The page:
The Story Of London – In Song

Countless artists have written songs about London and you’d be sitting in front of the computer all night if I was to list all of them, so I decided to take a very personal approach to this task. Counting down from five to one, I’m going to regale you with my favourite five songs about our sometimes wonderful and sometimes downright dangerous city.

I find it interesting that these pieces of music are, with one exception, very dark and pessimistic at their core – contrast that with the tunes about London’s sibling across the Atlantic which seems to inspire songs of optimism. Does that imply that we’re too downbeat or that they’re too blinkered or both?

Gerry Rafferty – Baker St

Written in 1978 this is one of the songs that I grew up with – it’s sweeping, funky mystery stays with me to this day. It describes a city full of potential and promise that always seems to be just out of reach, but you can’t fault Rafferty for the relentless optimism of the song’s last few lines. RIP Gerry.

Madness – The Liberty Of Norton Folgate

The title song of their 2009 album, this is a tale about the odd little street that sits on the extreme eastern edge of the City of London. Shifting across several musical styles it’s a mad jumble of historical references from the Regency and Victorian eras right up to the modern day, although I’m not sure it’s going to age that well – after all, who buys dodgy DVDs from a bloke in the street these days?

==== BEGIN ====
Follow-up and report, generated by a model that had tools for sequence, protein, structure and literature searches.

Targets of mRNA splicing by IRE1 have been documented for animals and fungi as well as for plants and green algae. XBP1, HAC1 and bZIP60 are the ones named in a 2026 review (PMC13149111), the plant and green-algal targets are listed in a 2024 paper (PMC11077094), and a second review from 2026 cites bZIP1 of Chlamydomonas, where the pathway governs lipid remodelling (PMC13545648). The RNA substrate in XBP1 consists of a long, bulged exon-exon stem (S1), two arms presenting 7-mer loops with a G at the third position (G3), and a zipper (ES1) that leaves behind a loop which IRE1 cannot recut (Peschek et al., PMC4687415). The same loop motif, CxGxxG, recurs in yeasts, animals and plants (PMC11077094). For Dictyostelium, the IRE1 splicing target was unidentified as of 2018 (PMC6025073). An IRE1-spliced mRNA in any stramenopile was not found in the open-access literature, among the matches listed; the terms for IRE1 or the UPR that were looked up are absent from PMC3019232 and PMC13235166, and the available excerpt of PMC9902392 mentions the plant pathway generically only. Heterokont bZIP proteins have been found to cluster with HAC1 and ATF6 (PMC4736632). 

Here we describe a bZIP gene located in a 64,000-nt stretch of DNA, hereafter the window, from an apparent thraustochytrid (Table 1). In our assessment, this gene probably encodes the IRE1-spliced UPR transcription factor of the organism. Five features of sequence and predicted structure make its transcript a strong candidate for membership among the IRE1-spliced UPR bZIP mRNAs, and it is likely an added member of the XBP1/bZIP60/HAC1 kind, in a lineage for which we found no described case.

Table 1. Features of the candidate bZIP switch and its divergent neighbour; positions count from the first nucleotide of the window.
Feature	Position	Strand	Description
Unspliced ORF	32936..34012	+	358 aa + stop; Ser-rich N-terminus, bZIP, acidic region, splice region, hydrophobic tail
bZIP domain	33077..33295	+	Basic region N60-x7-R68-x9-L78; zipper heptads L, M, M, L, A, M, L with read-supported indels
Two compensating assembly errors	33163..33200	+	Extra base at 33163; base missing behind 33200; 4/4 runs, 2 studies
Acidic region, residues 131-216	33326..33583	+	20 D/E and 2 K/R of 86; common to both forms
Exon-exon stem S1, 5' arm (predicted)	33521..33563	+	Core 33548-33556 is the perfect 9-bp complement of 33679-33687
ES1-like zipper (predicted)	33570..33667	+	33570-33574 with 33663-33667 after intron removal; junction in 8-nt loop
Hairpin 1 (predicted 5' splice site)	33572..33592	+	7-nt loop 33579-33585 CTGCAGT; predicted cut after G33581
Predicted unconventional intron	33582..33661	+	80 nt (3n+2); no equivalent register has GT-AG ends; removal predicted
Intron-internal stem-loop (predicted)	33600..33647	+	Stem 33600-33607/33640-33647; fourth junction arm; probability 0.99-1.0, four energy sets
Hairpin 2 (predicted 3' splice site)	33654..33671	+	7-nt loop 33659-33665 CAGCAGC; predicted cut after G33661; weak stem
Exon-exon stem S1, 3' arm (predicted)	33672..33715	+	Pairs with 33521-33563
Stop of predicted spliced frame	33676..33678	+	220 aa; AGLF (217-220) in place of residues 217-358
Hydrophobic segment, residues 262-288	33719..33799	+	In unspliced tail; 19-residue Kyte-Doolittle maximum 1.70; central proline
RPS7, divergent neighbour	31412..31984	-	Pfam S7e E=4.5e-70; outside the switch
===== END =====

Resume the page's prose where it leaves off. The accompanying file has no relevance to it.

Lily Allen – LDNĀ 

A bit of an expert on London (she’s a Hammersmith girl) Lily Allen spells it out in her 2006 calypso-inspired song in an even more literal way than good old Gerry – once you scratch the oh-so-pretty surface this city can be a very hard and unforgiving place, but on its bright, sunny days its wonderful – what to do?

The Clash – London CallingĀ 

In my opinion their best song, this 1979 number has it all – drowning, destruction and even the ‘zombies of death’. There’s no joy in this particular image of London town – even the sunlight in the song is threatening.

The Jam – Down In The Tube Station At Midnight

Despite its rather bouncy, funky rhythms this is the darkest of the lot – Paul Weller sings about heading home, minding his own business, only to be cornered on the tube station platform by right-wing bovver boys, beaten badly and left for dead. Bleak doesn’t really cover it!

Perhaps it’s time to cast your thoughts elsewhere – maybe that old Sinatra number about the city they named twice? That should cheer you up.